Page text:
Margam Stones Museum
Margam Stones Museum
A superb collection of sculptured stones dating from the post-Roman period. There are 28 stones at Margam, including a 6th-century stone inscribed with both Latin and Irish Ogham script. Among the Margam Stones are several cart-wheel crosses dating from the 10th and 11th centuries, including the most famous of the stones at Margam, the beautifully carved Conbelin Cross, a disc-headed cross with intricately carved decoration in Celtic style.

The cross head has a carving of the Virgin Mary with St John flanking knotwork ornamentation, and the stone is set on a base decorated with a hunting scene. The Conbelin Cross originally stood outside Margam churchyard. The stone is inscribed in memory of the donor with the words, ‘CONBELIN P[O]SUIT HANC CRUCM P[RO] [A]NIMA RI[C?]’ – ‘Conbelin erected this cross for the soul of Ric...’.

Among the other stones that caught my eye were ...

The Bodvoc Stone

A late 6th or early 7th-century Christian memorial stone with a Latin inscription running vertically. This once stood on Margam Mountain set into a prehistoric barrow - one of four barrows in a linear arrangement. This simple stone is the oldest known example of a family history, or lineage, in Wales. The four lines of script detail four generations of the same family.

The four lines read BODVOCI HIC IACIT, FILIUS CATOTIGIRNI. PRONEPUS ETERNALI, VEDOMAVI, which translates as 'The stone of Bodvoc. Here he lies, son of Cattegern, great-grandson of Eternalis Vedomavus'. The name Cattegern means 'lord of battle', suggesting that the family were local chiefs, or war leaders.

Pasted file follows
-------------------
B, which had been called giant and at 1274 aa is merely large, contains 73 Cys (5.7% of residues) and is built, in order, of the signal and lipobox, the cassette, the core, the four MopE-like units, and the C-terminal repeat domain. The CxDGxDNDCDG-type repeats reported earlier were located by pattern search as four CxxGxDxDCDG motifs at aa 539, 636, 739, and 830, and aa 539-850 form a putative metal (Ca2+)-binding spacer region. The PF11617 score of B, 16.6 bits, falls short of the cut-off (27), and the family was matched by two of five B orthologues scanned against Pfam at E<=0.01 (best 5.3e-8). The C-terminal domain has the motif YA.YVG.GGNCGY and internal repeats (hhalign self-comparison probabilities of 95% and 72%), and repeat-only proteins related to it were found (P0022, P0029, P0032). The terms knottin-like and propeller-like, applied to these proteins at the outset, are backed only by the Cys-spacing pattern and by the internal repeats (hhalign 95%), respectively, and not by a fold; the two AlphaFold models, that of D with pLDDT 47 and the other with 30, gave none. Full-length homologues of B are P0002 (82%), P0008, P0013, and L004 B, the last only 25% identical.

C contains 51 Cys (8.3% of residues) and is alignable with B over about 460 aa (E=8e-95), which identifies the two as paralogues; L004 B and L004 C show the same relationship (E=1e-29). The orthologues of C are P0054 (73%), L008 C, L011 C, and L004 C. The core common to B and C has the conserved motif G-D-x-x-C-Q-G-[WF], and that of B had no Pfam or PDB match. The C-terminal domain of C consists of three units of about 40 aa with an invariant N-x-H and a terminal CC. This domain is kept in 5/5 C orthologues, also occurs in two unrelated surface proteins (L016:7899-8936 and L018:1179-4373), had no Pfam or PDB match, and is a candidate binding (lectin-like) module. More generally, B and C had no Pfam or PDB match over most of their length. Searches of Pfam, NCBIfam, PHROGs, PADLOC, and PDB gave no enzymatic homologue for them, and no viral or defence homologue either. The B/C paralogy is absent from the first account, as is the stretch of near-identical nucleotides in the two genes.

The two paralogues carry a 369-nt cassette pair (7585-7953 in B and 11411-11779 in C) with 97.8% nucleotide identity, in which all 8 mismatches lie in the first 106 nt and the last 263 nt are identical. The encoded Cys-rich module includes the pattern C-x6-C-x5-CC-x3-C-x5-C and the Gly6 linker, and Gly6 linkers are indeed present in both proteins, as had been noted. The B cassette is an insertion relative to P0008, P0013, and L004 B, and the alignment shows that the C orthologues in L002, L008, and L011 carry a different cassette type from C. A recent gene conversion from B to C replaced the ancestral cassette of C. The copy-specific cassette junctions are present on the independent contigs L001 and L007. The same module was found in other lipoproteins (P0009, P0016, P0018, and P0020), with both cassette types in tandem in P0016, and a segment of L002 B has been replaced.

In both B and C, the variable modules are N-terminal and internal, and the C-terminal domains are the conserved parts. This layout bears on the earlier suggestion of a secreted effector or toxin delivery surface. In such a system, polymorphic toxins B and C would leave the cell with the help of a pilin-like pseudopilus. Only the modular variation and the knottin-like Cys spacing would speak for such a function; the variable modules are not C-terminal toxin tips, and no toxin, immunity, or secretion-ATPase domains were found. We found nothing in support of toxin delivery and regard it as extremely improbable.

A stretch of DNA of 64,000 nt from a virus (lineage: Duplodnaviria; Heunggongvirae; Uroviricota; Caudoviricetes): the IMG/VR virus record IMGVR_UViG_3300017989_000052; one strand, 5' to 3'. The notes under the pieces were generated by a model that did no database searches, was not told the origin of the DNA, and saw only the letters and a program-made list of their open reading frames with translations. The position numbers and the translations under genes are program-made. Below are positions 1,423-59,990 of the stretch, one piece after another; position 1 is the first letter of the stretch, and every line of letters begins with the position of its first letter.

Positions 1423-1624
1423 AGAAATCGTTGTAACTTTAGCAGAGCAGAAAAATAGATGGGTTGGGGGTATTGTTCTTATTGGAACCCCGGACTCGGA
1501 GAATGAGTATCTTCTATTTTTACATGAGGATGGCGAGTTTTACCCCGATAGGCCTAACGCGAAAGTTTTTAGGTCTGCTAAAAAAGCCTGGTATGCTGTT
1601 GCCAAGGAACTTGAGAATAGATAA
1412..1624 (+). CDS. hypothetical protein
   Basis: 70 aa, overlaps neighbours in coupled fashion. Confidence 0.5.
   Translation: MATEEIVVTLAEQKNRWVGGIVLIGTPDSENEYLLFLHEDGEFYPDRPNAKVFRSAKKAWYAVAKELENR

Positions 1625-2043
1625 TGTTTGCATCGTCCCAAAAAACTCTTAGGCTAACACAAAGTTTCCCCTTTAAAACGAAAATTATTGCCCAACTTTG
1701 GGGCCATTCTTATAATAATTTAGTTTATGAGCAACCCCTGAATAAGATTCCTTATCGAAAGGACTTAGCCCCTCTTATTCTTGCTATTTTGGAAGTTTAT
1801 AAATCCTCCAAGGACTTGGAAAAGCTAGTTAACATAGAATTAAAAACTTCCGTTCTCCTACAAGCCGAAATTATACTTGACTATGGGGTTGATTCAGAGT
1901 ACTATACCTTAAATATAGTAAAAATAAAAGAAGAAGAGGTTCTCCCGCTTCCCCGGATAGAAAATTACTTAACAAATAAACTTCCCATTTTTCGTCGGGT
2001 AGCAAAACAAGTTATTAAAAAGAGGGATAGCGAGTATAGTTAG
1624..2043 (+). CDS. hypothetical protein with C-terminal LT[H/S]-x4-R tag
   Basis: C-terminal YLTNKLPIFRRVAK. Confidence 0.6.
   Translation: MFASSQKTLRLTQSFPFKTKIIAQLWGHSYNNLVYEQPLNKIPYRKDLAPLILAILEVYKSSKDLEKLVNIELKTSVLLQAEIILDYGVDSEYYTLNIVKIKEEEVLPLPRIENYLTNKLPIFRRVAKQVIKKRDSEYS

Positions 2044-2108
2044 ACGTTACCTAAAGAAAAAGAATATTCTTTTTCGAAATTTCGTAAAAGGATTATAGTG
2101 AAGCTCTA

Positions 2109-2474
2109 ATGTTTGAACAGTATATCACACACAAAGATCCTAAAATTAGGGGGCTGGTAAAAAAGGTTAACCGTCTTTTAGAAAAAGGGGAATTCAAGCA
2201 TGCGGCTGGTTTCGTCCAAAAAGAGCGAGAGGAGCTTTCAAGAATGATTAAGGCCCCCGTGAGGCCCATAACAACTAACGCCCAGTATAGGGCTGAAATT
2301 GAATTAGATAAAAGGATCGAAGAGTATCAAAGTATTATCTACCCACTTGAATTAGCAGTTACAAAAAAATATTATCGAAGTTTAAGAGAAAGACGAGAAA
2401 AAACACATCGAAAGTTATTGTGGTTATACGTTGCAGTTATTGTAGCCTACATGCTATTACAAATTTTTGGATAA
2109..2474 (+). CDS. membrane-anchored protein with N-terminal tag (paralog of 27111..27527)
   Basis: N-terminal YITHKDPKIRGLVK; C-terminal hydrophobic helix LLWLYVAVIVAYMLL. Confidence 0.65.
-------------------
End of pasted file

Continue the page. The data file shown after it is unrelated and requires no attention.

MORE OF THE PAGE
An early wheel cross
An early wheel cross

Cross of Grutne

This 10th-century disc-headed cross once stood in Margam churchyard, though it probably was brought here from elsewhere. The base of the cross has 10 lines of Latin inscription that translates as 'In the name of God the most high, this cross of Christ was erected by Grutne for the soul of Ahest'.

Cantusus memorial

A fascinating 6th-century memorial that began as a Roman milestone. There was a major Roman road between Caerleon and Carmarthen, and in the 6th century one of the mile markers along this route was reused for the tombstone of a local leader; Cantusus, son of Paulinus. It was discovered in 1839 just east of Port Talbot.

A section of the stone has been lost, but drawings made at the time it was discovered let us know what the original stone looked like. On one side is a Latin inscription to Emperor Maximus Daia (309-313), and on the other is Latin text which reads 'Here lies Cantusus, his father was Paulinus'.

There are also several medieval grave slabs of abbots of Margam, and the effigy of a 14th-century knight. The stones are housed in one of the first purpose-built church school buildings in Wales, and the museum stands in the grounds of Margam Abbey, a 12th-century Cistercian monastery.

Seasonal opening - please check the Cadw website for current details.

10th century plaitwork cross slab
10th-century plaitwork
cross slab
11th century cart wheel cross from St Nynnid
11th c cartwheel cross from St Nynnid
The 10th century Cross of Grutne
The 10th c Cross of Grutne
10th century disc-headed slab cross
10th c disc-head slab

The Conbelin Cross
The Conbelin Cross
Conbelin Cross head
Conbelin Cross head
Conbelin Cross base
Conbelin Cross base

Cantusus 6th century memorial
Cantusus 6th c stone
Early Welsh inscription, grave slab
Early Welsh inscription
13th century floriated slab of an abbot
13th c floriated slab
6th century Bodvoc Stone
6th-century Bodvoc Stone